John William Firor
John Firor is an internationally recognized expert on public policy issues relating to the atmospheric sciences, including climate change and sustainable development. He is a physicist by training whose scientific research led him into high-energy astrophysics and radio astronomy with a side trip into seismology and continental structure. John is the prolific author of articles on solar magnetism, cosmic radiation, and solar flares. Perhaps his most influential contributions as a writer have come from his articles and books on global climate change. In addition to many scientific and policy-related articles on the subject, he authored the 1990 book, The Changing Atmosphere , which addresses global ecology and the interlinking of the issues of acid rain, ozone depletion, and global warming. For the past several decades, John has traveled the world talking to audiences about global problems that are seemingly insurmountable, yet he manages to communicate a positive message that radiates faith in humanity and our ultimate capacity to create solutions to address the most pressing issues of our time.
From the earliest days of its history over four decades ago, John has been instrumental in shaping and guiding NCAR in Boulder, Colorado. One of the first people recruited by founding NCAR director, Walter Orr Roberts, John was responsible for the creation and development of NCAR's Advanced Study Program, the highly respected graduate and post-graduate program that prepares young scientists for careers in the atmospheric sciences and that will administer the competition among candidates for the Firor-Jacobsen Fellow. He directed the High Altitude Observatory, the NCAR division that studies the effects of solar variability on the Earth. Succeeding Walt Roberts, John became the second director of the Center. He now holds the title of Director Emeritus as well as Senior Scientist in NCAR's Institute for the Study of Society and Environment.
Dr. Firor is an elected Fellow of both the American Meteorological Society and the American Association for the Advancement of Science. He has served on multiple boards and panels for federal agencies, academic journals, corporations, and international delegations. He was a long-time trustee of the World Resources Institute and continues as a long-time board member for Environmental Defense (formerly the Environmental Defense Fund). As the Walter Orr Roberts Distinguished Lecturer of 1999, Dr. Firor commented on advice he was given years ago as a young man—that to be a good scientist, one must love this Earth. “From that love, I now believe, we all must not only gain inspiration to work hard on understanding the Earth and universe, we should also accept the responsibility for protecting that Earth as well.” He has lived by these words.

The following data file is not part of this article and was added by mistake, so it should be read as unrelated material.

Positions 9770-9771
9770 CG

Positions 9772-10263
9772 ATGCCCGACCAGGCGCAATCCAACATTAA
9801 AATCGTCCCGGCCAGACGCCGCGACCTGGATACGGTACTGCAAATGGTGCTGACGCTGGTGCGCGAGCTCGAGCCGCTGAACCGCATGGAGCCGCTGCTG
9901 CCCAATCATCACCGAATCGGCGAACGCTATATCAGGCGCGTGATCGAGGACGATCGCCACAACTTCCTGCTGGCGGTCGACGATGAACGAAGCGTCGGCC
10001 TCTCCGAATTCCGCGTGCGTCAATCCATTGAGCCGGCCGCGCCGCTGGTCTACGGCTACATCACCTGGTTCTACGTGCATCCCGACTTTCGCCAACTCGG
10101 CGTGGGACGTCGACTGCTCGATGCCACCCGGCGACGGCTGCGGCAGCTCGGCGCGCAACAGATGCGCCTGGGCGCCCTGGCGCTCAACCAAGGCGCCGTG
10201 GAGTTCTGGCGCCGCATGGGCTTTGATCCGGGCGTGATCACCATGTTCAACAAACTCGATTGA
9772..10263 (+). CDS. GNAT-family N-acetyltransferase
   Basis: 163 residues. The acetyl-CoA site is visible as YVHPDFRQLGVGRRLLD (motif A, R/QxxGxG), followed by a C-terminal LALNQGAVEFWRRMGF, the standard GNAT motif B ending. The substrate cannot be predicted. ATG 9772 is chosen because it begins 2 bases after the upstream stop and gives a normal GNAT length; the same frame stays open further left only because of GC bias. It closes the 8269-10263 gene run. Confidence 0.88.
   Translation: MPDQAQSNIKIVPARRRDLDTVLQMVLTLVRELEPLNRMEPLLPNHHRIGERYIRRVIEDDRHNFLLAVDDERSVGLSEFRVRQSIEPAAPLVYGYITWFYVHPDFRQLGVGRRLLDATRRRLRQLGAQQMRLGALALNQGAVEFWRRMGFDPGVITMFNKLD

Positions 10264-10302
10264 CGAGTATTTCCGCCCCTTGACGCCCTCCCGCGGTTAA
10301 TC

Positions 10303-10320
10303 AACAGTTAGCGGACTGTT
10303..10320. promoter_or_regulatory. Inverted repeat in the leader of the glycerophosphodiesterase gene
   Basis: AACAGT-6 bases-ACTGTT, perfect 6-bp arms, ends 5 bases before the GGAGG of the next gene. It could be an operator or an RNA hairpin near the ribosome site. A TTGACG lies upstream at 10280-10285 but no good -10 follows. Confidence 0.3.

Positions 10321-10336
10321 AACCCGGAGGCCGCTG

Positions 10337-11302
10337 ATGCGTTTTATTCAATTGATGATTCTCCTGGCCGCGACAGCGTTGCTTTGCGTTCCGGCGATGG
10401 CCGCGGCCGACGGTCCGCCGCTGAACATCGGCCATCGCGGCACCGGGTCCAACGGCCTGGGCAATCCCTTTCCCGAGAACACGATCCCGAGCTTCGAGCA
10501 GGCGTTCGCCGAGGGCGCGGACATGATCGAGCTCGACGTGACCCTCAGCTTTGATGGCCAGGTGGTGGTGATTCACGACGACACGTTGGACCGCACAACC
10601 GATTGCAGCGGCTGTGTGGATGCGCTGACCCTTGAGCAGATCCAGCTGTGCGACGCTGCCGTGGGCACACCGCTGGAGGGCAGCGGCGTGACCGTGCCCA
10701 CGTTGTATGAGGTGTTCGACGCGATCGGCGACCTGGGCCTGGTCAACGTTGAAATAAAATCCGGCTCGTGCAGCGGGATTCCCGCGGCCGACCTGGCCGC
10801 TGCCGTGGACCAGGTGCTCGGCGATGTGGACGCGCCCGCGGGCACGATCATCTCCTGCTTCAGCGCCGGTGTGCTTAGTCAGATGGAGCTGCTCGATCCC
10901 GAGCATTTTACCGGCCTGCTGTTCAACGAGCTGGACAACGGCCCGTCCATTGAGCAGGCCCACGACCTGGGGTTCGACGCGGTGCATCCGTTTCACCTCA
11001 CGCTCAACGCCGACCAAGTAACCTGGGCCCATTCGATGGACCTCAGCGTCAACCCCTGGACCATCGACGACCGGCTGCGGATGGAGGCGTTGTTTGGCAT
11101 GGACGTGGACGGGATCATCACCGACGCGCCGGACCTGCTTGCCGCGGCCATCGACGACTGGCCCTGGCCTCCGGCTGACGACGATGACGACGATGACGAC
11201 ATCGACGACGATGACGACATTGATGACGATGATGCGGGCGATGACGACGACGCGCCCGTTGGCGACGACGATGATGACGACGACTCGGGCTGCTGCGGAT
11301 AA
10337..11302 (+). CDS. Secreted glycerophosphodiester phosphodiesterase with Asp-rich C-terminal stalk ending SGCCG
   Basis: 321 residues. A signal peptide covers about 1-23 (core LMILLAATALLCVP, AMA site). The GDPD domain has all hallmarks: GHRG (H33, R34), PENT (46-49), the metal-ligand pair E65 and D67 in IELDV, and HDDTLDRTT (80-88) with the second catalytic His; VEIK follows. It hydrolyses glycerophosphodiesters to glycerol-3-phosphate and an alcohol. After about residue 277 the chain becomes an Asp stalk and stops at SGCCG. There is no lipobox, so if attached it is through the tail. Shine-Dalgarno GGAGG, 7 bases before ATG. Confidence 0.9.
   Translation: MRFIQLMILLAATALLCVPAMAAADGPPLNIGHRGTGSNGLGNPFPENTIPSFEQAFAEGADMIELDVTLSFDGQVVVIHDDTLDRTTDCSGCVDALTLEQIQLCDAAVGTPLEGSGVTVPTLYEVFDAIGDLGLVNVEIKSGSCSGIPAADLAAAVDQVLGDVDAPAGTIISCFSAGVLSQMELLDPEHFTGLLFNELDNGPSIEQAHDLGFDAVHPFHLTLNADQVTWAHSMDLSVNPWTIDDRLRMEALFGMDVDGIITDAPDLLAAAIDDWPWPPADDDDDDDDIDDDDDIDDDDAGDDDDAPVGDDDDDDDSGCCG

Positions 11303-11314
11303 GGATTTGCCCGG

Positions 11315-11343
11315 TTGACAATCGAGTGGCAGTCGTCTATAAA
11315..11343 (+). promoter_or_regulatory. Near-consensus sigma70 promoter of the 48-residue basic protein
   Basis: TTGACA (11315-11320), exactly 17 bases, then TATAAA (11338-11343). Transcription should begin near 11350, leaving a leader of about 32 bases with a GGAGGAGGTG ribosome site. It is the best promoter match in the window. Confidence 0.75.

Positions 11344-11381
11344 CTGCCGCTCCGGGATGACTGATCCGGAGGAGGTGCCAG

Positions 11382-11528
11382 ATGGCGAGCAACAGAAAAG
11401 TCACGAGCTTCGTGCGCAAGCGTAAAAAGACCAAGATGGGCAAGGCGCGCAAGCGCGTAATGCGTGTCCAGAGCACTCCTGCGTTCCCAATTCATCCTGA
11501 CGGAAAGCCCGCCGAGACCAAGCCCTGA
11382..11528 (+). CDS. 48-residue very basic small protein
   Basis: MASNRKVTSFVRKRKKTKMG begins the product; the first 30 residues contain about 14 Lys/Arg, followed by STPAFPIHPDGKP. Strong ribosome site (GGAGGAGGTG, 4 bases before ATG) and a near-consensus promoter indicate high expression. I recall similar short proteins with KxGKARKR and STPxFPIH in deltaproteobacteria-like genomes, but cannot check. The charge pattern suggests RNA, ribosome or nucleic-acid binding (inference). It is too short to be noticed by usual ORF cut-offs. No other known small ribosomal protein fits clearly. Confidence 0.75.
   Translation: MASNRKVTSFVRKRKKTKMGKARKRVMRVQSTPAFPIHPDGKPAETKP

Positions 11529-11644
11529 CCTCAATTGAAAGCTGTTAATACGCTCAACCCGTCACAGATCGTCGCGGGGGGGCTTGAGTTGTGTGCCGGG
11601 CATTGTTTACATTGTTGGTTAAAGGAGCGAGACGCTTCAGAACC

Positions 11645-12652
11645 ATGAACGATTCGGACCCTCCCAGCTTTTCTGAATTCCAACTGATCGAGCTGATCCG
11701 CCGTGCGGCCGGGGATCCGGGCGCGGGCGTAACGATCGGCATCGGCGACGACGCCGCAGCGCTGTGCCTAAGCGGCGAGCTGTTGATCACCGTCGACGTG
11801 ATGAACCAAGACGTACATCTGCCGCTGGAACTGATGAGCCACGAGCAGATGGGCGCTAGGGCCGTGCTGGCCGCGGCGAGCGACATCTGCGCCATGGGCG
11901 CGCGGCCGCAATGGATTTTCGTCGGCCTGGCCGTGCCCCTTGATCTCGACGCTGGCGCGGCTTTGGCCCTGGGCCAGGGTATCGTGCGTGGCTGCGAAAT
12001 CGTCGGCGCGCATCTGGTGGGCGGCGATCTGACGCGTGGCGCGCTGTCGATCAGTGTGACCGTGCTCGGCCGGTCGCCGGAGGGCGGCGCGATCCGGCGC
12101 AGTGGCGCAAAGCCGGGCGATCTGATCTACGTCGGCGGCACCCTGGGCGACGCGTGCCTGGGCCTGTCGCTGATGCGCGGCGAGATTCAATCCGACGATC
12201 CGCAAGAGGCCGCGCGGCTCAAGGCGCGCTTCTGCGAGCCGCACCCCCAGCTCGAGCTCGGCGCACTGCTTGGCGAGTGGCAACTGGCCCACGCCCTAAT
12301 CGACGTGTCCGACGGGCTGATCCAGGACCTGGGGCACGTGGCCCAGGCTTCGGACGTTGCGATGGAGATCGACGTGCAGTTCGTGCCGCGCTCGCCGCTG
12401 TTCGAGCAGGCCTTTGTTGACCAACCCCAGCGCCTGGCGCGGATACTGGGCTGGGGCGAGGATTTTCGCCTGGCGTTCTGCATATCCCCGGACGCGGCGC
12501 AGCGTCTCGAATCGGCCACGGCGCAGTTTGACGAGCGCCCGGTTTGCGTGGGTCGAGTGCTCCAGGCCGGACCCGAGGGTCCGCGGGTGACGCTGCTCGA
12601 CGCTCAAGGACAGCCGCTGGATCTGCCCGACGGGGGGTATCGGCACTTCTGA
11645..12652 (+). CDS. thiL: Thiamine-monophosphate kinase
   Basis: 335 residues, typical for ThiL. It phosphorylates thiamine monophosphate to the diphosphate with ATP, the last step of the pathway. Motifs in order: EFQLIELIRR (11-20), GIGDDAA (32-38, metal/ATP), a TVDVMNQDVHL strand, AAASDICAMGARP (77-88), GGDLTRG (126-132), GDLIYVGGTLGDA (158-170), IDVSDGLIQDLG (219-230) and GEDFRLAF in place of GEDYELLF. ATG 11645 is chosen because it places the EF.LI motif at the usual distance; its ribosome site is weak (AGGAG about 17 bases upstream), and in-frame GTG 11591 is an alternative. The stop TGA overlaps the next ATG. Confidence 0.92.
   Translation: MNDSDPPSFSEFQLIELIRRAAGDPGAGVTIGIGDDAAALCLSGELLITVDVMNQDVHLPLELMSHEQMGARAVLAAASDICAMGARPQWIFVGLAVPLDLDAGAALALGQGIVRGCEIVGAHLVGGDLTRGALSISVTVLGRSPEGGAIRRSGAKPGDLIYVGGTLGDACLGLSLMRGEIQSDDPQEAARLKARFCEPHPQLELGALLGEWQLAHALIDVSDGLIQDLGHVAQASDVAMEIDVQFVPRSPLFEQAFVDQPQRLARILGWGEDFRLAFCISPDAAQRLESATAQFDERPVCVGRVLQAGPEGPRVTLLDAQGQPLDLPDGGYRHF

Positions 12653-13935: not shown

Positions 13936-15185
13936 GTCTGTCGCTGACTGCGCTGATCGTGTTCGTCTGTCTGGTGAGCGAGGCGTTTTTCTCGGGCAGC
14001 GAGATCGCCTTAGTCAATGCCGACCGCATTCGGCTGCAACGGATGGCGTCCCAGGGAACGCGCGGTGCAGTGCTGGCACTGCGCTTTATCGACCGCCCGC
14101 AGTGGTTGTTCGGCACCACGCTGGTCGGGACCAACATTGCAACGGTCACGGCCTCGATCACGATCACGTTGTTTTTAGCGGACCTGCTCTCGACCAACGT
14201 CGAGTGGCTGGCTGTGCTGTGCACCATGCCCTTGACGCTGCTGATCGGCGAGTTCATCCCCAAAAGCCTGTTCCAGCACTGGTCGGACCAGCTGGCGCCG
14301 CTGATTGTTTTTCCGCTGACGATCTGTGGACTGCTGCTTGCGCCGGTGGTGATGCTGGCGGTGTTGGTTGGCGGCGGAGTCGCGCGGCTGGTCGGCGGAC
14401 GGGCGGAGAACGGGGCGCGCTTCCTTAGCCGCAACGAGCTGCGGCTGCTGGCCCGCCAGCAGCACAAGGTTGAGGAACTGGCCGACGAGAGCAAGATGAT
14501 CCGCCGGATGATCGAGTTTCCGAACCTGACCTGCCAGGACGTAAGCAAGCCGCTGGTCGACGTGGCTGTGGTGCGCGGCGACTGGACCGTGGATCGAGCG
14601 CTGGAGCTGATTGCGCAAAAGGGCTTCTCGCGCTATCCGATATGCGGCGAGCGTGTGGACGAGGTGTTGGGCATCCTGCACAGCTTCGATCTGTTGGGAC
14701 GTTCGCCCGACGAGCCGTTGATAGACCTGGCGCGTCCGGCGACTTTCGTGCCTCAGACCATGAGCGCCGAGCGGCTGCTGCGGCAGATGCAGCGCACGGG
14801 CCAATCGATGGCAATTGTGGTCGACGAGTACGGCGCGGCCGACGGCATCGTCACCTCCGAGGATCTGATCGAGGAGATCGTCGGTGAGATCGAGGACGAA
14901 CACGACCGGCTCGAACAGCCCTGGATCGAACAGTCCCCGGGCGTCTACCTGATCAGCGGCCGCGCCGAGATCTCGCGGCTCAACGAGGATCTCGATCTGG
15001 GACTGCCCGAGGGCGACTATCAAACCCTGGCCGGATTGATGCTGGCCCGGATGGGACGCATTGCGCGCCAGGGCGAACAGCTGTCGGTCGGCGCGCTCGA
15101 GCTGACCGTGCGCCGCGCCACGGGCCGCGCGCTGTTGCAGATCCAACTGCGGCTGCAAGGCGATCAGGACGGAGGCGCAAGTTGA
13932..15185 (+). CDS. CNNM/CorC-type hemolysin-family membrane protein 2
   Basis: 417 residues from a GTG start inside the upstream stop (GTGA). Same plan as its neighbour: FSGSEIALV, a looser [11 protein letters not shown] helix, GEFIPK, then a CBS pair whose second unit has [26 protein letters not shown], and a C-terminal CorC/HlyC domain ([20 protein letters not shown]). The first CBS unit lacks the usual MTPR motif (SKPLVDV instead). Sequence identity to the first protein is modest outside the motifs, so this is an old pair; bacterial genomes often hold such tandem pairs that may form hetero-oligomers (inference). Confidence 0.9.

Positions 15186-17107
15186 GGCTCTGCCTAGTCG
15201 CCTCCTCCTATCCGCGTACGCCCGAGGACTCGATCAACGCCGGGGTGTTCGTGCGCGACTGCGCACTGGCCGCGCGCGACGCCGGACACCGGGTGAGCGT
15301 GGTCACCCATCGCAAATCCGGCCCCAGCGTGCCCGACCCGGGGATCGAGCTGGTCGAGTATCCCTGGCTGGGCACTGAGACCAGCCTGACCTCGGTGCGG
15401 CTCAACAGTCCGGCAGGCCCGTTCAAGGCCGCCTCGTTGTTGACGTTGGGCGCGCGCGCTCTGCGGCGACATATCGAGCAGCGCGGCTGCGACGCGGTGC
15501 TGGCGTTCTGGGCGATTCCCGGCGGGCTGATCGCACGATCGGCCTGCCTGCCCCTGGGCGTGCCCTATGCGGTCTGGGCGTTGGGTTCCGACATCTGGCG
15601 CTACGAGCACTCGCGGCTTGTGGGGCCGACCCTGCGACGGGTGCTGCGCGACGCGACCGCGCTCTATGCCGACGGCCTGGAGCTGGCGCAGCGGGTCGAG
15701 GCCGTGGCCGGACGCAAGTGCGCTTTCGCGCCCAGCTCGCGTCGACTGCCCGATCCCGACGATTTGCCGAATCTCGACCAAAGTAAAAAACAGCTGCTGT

Judith Eva Jacobsen
Judy Jacobsen's career reflected and tracked closely the unfolding history of human problems nationally and internationally over the past 30 years, making her influential in some of the most important social policy developments of our time. Following law school, she worked for the Worldwatch Institute identifying global trends in population and consumption for a worldwid e audience. Wanting to help actively with the problems she was addressing on paper, she went to the Agency for International Development (AID) and worked on family planning in Africa , developing a population policy for Nigeria and calling for training and family planning services in that continent's most populous and rapidly growing country.
While earning a doctorate in geography once she returned from Africa , Judy developed expertise in western U.S. problems, contributing greatly to the quantification of Indian water rights. As a faculty member at the University of Wyoming , Judy integrated the intricacies of climate change into her work and applied them to shape her evolving population theories. She was proud of being named “Top Prof” by her students.
Judy was president of the non-governmental organization, Zero Population Growth, leading it through a difficult time of transition. Her participation in Cairo at the 1994 United Nations International Conference on Population and Development was influential in reaching historic agreements. Her leadership of the Population and Consumption Task Force for President Clinton's Commission on Sustainable Development resulted in a coherent, compelling, and influential report on this seemingly intractable subject matter. By the time of her death, she had lived well the final words of The Crowded Greenhouse , “[D]o what you must: reach deep, dig into your most profound beliefs about how the world works and how you fit into it, mourn the sorrows and the losses. And then get back to work, with joy.”
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